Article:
Reader: I noticed that two tracks that I’ve heard, “Magazine” and another where you’re featured with Lizzo seem to get into body image.
CS: That sadly is an issue that is not unique to me and every woman deals with that. The images that we’re bombarded with in our culture every single day: “you’re not skinny enough, you’re not tan enough, you’re not pale enough, you’re not this, you’re not that.” I think Lizzo and I share that a lot. As women in the music industry, we’re constantly told we should look this way or don’t look enough that way. We wrote the song and it wasn’t a play or a strategy. She had actually gotten a really cruel comment on her Instagram while we were hanging out in the studio together and from that the song was begotten.
Reader: I noticed that you may have started out more folk and indy but now it seems that you’re more R&B and pop. I noticed that you started out playing guitar but now there’s a lot of keys. Can you tell me about the transition of maybe being more of a folk artist then going into your newer material? How did that songwriting process work out for you?
CS: I still play electric guitar now. It was really natural. I grew up listening to what a lot of 90s kids listened to like Justin Timberlake, Whitney Houston, Mariah Carey, what was on TRL, you know. When I got into high school, that’s when I started to listen to alt and indy music, back in the Myspace days. I’ve always wrote pop songs but I was writing more folky songs because that’s what was more en vogue at the time. Think about the music you created when you were 18 and then you think “I don’t want to listen to music like that anymore but I’m stuck.” I have all of these fans that really appreciate it and I appreciate them. So I tried to write another Good Night Sleeps record and I was just not happy with it at all. At the same time I started writing these other songs that I was having so much fun writing. I was writing on the piano, I was producing and playing around thinking it would be something for another project. My band heard it and said, “this sounds like you. This sounds like the Caroline that we know.” We started working on the new record and dropped The Good Night Sleeps. It’s just like, “this sounds like you. This is your new solo album.” It was super organic and easy but I thought, “shit, man, if my fans don’t like this I’m going to be so sad,” and they ended up liking it! It was so awesome. I’m glad I had the courage to do that.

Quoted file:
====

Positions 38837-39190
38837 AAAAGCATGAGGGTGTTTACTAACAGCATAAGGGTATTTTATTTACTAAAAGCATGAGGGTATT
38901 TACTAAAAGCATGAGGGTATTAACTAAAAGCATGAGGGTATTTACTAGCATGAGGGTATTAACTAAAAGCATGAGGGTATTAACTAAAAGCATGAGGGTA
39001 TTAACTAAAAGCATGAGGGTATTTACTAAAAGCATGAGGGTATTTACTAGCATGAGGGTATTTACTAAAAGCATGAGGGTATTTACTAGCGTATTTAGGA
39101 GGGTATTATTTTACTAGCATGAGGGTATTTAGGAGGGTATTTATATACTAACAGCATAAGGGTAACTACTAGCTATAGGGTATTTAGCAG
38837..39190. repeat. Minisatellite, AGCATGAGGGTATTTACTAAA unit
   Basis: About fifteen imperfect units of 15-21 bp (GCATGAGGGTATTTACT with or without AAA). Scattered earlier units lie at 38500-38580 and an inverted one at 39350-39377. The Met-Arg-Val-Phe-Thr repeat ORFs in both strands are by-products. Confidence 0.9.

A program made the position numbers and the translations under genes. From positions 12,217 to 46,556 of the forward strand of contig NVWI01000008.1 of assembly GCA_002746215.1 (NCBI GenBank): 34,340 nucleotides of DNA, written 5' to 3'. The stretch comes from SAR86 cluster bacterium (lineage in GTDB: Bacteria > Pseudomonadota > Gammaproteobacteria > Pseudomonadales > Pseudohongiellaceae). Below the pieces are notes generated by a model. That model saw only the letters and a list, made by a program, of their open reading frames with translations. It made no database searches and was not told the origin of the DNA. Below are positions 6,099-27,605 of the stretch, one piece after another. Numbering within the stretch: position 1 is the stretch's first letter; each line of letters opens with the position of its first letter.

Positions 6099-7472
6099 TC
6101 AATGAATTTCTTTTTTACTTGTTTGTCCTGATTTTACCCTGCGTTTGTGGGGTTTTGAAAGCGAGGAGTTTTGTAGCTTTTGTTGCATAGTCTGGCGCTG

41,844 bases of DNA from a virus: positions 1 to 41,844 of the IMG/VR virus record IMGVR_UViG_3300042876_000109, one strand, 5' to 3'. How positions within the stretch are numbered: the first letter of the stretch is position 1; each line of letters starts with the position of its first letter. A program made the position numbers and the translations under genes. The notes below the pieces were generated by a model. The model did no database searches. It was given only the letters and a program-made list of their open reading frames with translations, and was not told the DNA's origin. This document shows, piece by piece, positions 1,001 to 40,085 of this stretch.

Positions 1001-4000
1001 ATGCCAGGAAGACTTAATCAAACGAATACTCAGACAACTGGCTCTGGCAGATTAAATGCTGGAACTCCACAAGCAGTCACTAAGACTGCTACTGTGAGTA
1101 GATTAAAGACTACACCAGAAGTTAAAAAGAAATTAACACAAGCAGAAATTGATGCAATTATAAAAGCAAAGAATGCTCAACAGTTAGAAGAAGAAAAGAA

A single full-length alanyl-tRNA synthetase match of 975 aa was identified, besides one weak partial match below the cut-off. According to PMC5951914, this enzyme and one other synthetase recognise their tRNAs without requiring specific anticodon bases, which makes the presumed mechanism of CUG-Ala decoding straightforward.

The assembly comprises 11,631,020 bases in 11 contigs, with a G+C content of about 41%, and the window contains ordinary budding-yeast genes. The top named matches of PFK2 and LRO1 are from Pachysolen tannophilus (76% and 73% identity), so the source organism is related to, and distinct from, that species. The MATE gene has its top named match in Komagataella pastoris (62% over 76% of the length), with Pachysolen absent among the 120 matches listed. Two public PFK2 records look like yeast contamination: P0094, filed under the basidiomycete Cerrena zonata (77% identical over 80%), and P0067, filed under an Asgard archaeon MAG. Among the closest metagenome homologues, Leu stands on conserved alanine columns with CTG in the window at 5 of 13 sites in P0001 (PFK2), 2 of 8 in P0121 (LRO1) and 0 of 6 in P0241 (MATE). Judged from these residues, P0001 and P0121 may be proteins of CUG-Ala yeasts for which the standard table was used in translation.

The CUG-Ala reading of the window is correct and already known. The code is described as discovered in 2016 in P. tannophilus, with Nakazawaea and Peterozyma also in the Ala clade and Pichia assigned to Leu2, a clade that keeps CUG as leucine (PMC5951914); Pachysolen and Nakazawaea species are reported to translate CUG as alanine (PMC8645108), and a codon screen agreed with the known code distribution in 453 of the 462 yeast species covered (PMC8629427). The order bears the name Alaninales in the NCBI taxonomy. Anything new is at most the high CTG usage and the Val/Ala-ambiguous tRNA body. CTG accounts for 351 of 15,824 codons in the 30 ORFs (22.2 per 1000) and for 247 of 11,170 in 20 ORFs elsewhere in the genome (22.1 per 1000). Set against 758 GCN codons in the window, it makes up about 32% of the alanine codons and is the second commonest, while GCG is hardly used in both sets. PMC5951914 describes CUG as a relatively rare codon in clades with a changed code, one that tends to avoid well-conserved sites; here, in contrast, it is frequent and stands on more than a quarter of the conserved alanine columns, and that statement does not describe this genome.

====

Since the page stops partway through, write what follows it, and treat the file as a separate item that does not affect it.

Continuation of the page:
Reader: From what I’ve seen it looks like there will be a good show coming up and I know you’ve played up here before. Do you have any connection to the Duluth area?
CS: No, but coming from Detroit Lakes a lot of my class mates ended up going to Duluth. I went to school in Minneapolis.
Reader: Anything people should know about your show coming up?
CS: It’s going to be really fun. I’m going to have my back up singer with me. The Red Herring is always really fun for us because it’s a small room and it gets really packed. I’m going to be DJing an after party downstairs and I’m really excited about that. My friend Dizzy Fae is going to be opening. She’s a really cool artist from Minneapolis.
Reader: Anything else you’d like to add before I close this up?
CS: Yeah, in a few days I’m releasing a new single called “Giving Myself Away.” It will be on iTunes and Spotify.